BOSTON – In spring training, you could see the difference in Jacoby Ellsbury.

Ellsbury used to bounce through the clubhouse, whether it be at Hadlock Field or Fenway Park, offering a smile or a quick hello.

But that changed.

Ellsbury walked through the spring training clubhouse at Fort Myers, Fla., last March with eyes forward, all business.

The body language said everything. Ellsbury, the man with the swift feet, dependable swing and flashy glove, carried something else into the 2011 season: a mighty chip on his shoulder.

Ellsbury’s desire and toughness were questioned last season, an injury-filled year that had him confronting the Red Sox doctors while hearing doubts about his dedication.

If that chip has been motivation for Ellsbury, it’s worked wonderfully.

Ellsbury continued what may end up being an MVP season Wednesday night, going 2 for 5 with a double and a go-ahead, two-run homer in the seventh inning of Boston’s 9-5 victory over the New York Yankees.

It was Ellsbury’s 24th home run, four more than his career total. He is batting .313 with 35 doubles, 36 stolen bases, 84 RBI and 97 runs scored.

“He’s been great all year long. Nothing he can’t do on a baseball field,” second baseman Dustin Pedroia said. “We’re glad he’s on our team. He’s a force at the top of the lineup.”

Ellsbury was part of the vaunted 2005 draft. He finished his first pro season in 2006 in Portland. He was spraying champagne that September as a member of the Eastern League champion Sea Dogs.

Ellsbury began 2007 in Portland and was again spraying champagne at the end of the season, this time in October with the major league champion Red Sox.

Ellsbury continued to develop, although Boston tried a questionable experiment in 2010, signing free-agent center fielder Mike Cameron and moving Ellsbury to left field. He played the good soldier and moved over quietly.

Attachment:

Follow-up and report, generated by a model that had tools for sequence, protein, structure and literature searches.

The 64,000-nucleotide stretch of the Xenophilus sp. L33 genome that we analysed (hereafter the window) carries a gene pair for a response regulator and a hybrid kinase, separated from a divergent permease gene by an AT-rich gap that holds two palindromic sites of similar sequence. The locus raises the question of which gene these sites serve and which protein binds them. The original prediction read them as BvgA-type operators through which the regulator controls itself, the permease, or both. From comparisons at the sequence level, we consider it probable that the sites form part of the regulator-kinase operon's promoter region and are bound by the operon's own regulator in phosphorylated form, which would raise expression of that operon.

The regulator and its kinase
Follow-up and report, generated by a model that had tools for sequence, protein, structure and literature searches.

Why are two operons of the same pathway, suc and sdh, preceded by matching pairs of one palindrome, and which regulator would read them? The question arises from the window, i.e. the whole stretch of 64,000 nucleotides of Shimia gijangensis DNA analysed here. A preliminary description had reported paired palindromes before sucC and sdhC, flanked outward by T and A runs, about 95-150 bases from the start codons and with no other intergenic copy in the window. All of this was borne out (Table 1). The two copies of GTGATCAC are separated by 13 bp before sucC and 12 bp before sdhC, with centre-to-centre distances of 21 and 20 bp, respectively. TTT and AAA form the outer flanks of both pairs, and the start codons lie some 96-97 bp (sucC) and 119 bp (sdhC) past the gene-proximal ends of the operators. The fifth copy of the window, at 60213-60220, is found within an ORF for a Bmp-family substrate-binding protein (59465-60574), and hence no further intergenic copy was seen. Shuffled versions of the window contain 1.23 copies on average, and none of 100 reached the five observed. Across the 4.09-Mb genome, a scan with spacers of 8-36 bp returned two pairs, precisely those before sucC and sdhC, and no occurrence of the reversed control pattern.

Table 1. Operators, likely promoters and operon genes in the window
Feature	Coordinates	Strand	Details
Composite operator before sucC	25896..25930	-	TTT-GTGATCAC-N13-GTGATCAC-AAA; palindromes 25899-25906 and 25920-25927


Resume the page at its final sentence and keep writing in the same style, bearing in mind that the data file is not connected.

The trouble began when Ellsbury suffered fractured ribs on April 11 in a collision with third baseman Adrian Beltre.

Ellsbury tried to come back and played a couple of rehab games in Portland that May. But he did not sound confident, saying he was still in pain.

“Even when I get my heart rate up and start expanding my lungs (the pain is there) the breaks were right at my chest,” Ellsbury said during his rehab in Portland.

Ellsbury made it back to the majors and reinjured his ribs. Red Sox doctors said it was a new break. Ellsbury said it was a previous break that went undetected. The feud was on.

Ellsbury went back on the disabled list. Radio talk shows were full of calls that Ellsbury was soft.

Teammate Kevin Youkilis questioned why Ellsbury was spending time at a training facility in Arizona instead of staying with the team.

With all the optimism at the start of this season, Ellsbury was a question mark.

He came back healthy and focused.

“Last year was very frustrating for him,” outfielder Josh Reddick said. “For him to come back and have a huge year after an off year like that especially with an injury in the section of your body where it’s hard to adjust and come back strong.

“He did a really good job in the offseason working out, and it’s showing.”

Ellsbury was not immediately available for comment after the game. He traditionally is one of the last players to appear in the locker room and is rarely quoted in a morning newspaper.

Red Sox Manager Terry Francona does not care how often Ellsbury chats up the media. Francona likes what he sees on the field, especially with Ellsbury’s new-found power. Ellsbury’s home run Wednesday was his first to the opposite field.

“We probably would not have seen that a couple of years ago,” Francona said. “But he stays back now. He stays balanced. Balls that may have been doubles or outs now turn into home runs.

“I think he’s getting more confident.”

Confident, with an attitude?

“I think all spring, whether it was a chip on his shoulder, he was feeling like he had something to prove,” Francona said.

“He has certainly done that — and then some.”

Staff Writer Kevin Thomas can be contacted at 791-6411 or at:

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Twitter: ClearTheBases